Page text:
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Souma’s sixth episode is notable for having no big cooking challenge, an omission that was felt in terms of keeping up the momentum and tension the previous five episodes had built up. But while there were no Wars, there was plenty of delectable Food, starting with a tour of Polar Star’s impressive vegetable garden and other on-side ingredient facilities. Also, Isshiki has no qualms about gardening in a loincloth.

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I liked the camaraderie of the Polar Star tenants all working together to ensure the dorm has the best ingredients possible. Megumi also gets to shine for once by providing a lunch of delicious-sounding onigiri. Megumi is interesting because while she’s a great chef she’s prone to stage fright and is terrible in high-pressure situations…like Shokugeki. Here’s hoping being around Souma will help her confidence on the big stage. She already adopted his honey-tenderizing method.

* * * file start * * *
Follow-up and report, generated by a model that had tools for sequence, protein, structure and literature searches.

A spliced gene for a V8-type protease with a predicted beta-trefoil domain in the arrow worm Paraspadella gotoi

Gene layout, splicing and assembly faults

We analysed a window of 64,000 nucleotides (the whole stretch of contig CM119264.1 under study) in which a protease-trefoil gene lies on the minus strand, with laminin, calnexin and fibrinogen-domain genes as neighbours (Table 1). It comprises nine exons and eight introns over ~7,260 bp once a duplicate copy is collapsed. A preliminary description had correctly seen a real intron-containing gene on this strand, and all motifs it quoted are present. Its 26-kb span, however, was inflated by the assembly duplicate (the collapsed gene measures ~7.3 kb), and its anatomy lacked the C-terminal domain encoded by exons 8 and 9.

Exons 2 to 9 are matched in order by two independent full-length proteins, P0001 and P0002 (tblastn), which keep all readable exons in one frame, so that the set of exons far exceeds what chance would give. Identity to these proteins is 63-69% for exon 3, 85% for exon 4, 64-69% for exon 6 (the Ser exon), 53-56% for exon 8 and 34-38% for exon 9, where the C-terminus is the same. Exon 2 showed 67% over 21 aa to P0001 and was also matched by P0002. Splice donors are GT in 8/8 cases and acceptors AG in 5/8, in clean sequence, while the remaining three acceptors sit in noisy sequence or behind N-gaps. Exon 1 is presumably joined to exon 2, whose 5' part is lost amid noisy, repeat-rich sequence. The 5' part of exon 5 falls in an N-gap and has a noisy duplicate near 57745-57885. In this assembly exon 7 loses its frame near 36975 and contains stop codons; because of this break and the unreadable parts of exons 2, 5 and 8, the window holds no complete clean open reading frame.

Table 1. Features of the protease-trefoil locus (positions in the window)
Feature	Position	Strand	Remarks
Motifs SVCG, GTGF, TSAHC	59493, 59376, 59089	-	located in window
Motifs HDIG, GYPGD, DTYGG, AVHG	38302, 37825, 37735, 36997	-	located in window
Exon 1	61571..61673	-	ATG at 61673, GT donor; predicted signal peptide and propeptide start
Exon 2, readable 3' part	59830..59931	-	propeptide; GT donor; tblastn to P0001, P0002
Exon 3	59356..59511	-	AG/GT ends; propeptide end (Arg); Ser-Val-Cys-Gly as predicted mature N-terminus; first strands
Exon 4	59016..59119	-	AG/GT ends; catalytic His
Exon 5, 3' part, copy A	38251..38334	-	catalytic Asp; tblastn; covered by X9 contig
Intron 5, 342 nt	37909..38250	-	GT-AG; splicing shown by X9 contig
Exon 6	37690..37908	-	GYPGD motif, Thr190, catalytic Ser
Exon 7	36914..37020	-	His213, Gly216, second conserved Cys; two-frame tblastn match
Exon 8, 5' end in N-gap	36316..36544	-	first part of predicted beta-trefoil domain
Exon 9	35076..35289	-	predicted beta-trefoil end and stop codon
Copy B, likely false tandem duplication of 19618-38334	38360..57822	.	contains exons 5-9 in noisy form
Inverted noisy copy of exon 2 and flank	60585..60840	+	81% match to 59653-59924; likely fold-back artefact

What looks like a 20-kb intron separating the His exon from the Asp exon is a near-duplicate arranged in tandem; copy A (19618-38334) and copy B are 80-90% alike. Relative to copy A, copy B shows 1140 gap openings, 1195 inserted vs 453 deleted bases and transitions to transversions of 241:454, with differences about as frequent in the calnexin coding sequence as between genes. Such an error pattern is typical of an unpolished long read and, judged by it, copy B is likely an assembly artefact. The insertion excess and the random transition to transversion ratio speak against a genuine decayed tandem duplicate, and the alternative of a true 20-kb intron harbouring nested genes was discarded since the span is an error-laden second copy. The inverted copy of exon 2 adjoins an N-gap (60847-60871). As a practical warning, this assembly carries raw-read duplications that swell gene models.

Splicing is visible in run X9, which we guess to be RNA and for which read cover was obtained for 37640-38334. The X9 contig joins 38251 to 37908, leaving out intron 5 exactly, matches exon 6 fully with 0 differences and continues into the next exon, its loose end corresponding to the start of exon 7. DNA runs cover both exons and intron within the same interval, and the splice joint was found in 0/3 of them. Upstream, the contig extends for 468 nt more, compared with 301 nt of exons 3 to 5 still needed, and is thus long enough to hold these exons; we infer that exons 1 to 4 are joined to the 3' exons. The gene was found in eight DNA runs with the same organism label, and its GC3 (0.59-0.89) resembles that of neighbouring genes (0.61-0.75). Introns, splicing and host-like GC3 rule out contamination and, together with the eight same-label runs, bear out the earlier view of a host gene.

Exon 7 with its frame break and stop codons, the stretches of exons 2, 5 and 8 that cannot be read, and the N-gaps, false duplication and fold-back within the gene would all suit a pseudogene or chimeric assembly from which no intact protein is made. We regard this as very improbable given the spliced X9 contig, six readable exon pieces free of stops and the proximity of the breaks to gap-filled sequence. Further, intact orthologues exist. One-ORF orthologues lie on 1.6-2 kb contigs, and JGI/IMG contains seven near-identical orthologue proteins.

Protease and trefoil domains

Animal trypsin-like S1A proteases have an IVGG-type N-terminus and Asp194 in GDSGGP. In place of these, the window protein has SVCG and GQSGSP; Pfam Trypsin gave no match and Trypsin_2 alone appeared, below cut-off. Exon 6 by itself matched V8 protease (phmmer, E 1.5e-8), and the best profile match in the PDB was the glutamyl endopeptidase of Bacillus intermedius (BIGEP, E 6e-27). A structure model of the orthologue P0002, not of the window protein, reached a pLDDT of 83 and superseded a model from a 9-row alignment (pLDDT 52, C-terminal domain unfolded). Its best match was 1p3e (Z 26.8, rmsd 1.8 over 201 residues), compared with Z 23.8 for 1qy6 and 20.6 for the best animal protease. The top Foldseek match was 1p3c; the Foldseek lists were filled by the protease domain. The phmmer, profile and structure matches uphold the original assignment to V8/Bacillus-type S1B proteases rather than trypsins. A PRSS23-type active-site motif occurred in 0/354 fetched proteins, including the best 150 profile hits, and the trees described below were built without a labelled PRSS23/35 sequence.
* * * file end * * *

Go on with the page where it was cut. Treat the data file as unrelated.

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There’s more exposition explaining how the school works, in that there are “research socieities” rather than conventional clubs that focus on particular kinds of cuisine. As a self-professed proud “diner brat”, Souma gravitates toward the Donmono Research Society, or “Don RS,” which seeks to discover innovate ways of elevating the versatile, quick, affordable meals served in bowls. And Megumi, caught in his orbit, tags along.

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This kind of cooking is right up Souma’s alley. Unfortunately, the Don RS is down to just one member, who is surrounded by an aura of doom and gloom, thanks to it being the latest target in Nakiri Erina’s quest to consolidate power by eliminating what she deems to be societies undeserving of existence.